Chargeback Accounting

Chargebacks are essentially business and trade processes, where wholesalers request for amounts that represent the difference between the price of a manufacturer price to the wholesaler and the contract price to the resale customer (Smith and Walter, 2006, 7). The actual chargeback occurs only after the wholesaler sells the manufacturer’s products at contract prices that are lesser that the cost of acquisition of the wholesaler (Smith and Walter, 2006, 7).

Whilst chargebacks are especially common in pharmaceuticals, they are also evident in all businesses that involve distribution channels and mass sales. Whilst wholesale distributors are dependent on rebates, also called chargebacks from their principals, e. g. the manufacturers for safeguarding of their margins, it is common knowledge that many wholesalers are unable to claim their rightful chargebacks because of the laborious accounting involved and because of the errors inherent in such voluminous and error prone accounting work (Smith and Walter, 2006, 27).

Chargebacks are critical to the wholesale business process because of their impact on final profit margins (Smith and Walter, 2006, 27). With wholesalers frequently competing on price, back end rebates are often critical to profits because of the practice of offering products to customers at prices that are less than the purchase price paid by the distributors (Smith and Walter, 2006, 27). In such cases distributors file chargeback claims with the manufacturers and are reimbursed with the price difference (Smith and Walter, 2006, 27).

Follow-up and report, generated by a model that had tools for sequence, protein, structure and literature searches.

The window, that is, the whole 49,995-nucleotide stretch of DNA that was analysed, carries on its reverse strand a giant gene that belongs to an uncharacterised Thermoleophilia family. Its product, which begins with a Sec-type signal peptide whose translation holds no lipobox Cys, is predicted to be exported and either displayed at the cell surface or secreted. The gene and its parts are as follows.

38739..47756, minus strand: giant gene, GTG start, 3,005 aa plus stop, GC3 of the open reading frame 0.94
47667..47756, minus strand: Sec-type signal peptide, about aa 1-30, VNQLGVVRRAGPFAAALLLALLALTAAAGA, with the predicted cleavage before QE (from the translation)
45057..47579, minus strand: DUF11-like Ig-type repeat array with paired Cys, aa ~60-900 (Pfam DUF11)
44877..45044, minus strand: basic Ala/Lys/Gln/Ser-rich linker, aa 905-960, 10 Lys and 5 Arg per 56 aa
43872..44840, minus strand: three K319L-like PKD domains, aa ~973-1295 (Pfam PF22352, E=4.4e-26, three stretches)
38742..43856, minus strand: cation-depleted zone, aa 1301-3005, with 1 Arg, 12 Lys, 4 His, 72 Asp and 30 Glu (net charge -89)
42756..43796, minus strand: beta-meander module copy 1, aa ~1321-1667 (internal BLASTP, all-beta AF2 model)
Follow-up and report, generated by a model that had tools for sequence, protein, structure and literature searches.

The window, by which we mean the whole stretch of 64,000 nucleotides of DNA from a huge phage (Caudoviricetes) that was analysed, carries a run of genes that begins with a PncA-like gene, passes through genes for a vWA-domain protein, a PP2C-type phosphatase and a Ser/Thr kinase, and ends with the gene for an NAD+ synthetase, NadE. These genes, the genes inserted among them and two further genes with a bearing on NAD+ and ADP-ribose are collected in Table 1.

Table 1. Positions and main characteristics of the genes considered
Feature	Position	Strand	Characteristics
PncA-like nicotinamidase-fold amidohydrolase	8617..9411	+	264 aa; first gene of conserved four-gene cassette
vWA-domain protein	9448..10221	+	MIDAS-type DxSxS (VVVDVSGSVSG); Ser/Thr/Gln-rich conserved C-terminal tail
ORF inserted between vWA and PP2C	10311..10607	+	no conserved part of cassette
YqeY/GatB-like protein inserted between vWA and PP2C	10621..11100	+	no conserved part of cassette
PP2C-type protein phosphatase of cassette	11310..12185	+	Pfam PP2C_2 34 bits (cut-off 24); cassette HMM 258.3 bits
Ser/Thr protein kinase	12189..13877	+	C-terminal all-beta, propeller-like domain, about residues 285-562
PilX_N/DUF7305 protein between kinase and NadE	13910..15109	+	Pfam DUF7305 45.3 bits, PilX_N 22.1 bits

Again in many situations manufacturers, on their own, offer prices to end customers that are lower than distributor prices with the understanding that the differential will be reimbursed to the distributor (Smith and Walter, 2006, 30). Such differentials, which are integral to distributor earnings, are also often left unclaimed because of the voluminous accounting work involved and lead to distributors practically giving away large sums of money (Smith and Walter, 2006, 30).

Whilst chargeback accounting is a routine accounting process, (involving computation of chargeback and validation with agreement) it becomes nightmarish when volumes increase exponentially because of numerous distributor-manufacturer agreements as well as thousands of customers and enormous sales transactions (Smith and Walter, 2006, 30). The issue tends to become further complicated because of the complexity in the nature of rebates offered, which can be straight, as well as stepped, depending upon volumes (Smith and Walter, 2006, 28).

Apart from these, there exist arrangements known as purchasing and selling chargebacks, and a combination of both, with distributors being entitled to chargebacks for lifting as well as selling certain quantities (Smith and Walter, 2006, 30). Pricing arrangements between manufacturers and distributors frequently involve a range of incentives like warranty recoveries and other structured systems that cover numerous customers and retain their validity for years (Smith and Walter, 2006, 30).